From: Richard Loosemore (email@example.com)
Date: Mon Apr 24 2006 - 10:52:57 MDT
I'm confused: was your point that Phil's comment was so foolish that it
deserved only sarcasm?
Or maybe this wasn't sarcasm at all (apologies if not) and you can
explain a few oddities, like why my cranial volume does not appear to be
hundreds of times large than the average cranial volume that I see every
day on the street...?
If the ability to hold simultaneous chunks in working memory is somehow
connected to the maximum theoretical amount of total connectivity of
concept-level objects in the brain, then it would, as Phil points out
scale in a very unfortunate way with increasing brain size. And if the
ability to hold simultaneous chunks is crucial to the power of thought
or degree of intelligence (whatever that is), this might have serious
I would argue against his conclusion. But the argument does not seem to
me to be incoherent.
Eliezer S. Yudkowsky wrote:
> Philip Goetz wrote:
>> My intuition, based on experience with how much computational power it
>> takes to solve a problem of a particular size, and on Rescher's law of
>> logarithmic returns, is that exponentially-increasing computational
>> power is required to provide linear increase in "smartness", or some
>> measure of the problems we can handle. For instance, finding primes
>> of 2N bits takes much more than twice the computational power of
>> finding primes of N bits.
>> I also expect that the computational complexity of cognition is an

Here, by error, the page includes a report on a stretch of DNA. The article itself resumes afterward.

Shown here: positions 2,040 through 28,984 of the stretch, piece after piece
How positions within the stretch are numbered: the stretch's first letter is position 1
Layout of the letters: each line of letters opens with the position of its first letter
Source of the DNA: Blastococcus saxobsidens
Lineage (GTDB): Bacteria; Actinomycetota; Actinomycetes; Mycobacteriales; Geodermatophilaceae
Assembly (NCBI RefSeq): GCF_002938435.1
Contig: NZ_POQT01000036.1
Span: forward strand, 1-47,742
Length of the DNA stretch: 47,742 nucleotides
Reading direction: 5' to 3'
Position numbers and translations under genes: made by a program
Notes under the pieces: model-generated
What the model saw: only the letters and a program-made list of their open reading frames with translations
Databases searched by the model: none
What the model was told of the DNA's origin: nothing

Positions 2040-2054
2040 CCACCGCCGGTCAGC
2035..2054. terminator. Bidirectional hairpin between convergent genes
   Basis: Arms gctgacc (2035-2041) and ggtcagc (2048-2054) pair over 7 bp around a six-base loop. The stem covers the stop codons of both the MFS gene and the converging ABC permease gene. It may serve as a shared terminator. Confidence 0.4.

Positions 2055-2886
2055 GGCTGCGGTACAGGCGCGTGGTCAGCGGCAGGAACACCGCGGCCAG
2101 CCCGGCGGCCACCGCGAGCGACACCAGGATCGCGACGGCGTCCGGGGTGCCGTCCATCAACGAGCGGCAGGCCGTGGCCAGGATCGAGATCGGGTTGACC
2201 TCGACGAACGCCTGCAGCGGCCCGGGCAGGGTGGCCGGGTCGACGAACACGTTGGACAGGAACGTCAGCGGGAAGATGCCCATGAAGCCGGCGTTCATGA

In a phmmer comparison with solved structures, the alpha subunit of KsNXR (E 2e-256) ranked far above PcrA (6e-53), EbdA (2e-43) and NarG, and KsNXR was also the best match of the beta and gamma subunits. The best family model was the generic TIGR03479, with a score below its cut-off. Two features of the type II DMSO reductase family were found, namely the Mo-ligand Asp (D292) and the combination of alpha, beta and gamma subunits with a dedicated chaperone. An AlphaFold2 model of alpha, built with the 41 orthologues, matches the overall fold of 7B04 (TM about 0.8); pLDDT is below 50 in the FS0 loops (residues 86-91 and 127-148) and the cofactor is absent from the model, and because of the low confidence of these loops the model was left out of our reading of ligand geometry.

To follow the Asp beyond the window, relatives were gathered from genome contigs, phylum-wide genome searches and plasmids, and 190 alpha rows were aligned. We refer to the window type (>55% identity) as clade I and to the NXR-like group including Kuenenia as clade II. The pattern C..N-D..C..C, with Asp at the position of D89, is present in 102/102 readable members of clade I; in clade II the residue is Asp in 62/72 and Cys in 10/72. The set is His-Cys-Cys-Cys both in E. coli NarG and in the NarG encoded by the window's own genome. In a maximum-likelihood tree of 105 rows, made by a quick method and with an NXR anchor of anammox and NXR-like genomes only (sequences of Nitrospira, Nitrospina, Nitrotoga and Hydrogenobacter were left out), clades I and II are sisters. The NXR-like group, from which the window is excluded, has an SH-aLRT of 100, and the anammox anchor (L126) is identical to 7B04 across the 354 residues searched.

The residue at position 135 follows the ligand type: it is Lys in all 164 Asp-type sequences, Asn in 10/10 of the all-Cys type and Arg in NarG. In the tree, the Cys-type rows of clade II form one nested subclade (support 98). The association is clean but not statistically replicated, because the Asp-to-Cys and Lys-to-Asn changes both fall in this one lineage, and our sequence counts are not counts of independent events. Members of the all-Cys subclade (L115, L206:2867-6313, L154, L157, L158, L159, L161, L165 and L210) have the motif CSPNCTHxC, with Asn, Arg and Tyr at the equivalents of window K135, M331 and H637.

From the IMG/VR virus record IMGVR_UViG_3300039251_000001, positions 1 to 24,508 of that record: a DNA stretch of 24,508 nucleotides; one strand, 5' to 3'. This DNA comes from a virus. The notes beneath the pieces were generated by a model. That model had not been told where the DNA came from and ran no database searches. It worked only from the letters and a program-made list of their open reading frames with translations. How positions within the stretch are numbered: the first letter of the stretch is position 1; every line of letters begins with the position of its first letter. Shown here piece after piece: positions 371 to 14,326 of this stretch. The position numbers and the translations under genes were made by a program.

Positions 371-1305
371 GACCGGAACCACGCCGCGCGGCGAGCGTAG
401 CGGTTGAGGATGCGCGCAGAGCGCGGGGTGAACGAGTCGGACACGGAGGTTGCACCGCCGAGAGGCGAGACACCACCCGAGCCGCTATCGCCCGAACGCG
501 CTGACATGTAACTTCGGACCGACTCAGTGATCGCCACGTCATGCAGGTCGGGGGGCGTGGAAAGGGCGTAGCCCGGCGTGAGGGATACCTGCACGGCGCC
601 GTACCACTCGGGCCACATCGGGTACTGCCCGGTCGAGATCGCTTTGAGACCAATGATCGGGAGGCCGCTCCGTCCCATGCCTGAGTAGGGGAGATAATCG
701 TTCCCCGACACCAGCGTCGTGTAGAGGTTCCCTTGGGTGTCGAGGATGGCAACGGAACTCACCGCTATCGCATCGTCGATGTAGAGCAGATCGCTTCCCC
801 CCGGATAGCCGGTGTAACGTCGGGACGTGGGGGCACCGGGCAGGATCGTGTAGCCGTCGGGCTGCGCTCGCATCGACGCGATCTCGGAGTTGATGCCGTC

>> exponential function of the size of working memory, so that if we
>> currently have a working memory that can store 5 chunks, the amount of
>> computation available in the universe limits us to some double-digit
>> number of chunks.
> As we all know, humans required thousands of much times as much brain
> tissue as chimpanzees to produce only a small increment in performance;
> if you look around on the street, you can easily see that each
> additional 10 IQ points requires a rough doubling of cranial volume. If
> you still think the ascent of AIs will be rapid, a further caution is
> provided by the evolutionary history of the hominid family: After
> requiring only 50,000 years to go from Australopithecus to late Homo
> erectus, it then required another five million years to produce Homo
> sapiens. Most of what we think of as impressive benefits and major
> impacts of "human" intelligence, such as guns and nuclear weapons, were
> invented by monkeys twenty million years ago. Our closest cousins, the
> chimpanzees, have most human abilities - including combinatorial
> language, machines with moving parts, and crude scientific journals -
> which also suggests that it is unlikely for any particular AI project to
> get many major abilities in advance of other AI projects. The ongoing
> military and economic competition between Cro-Magnons and Neanderthals
> has stalemated for millennia; slight improvements in brainpower simply
> do not amount to all that much in the real world.
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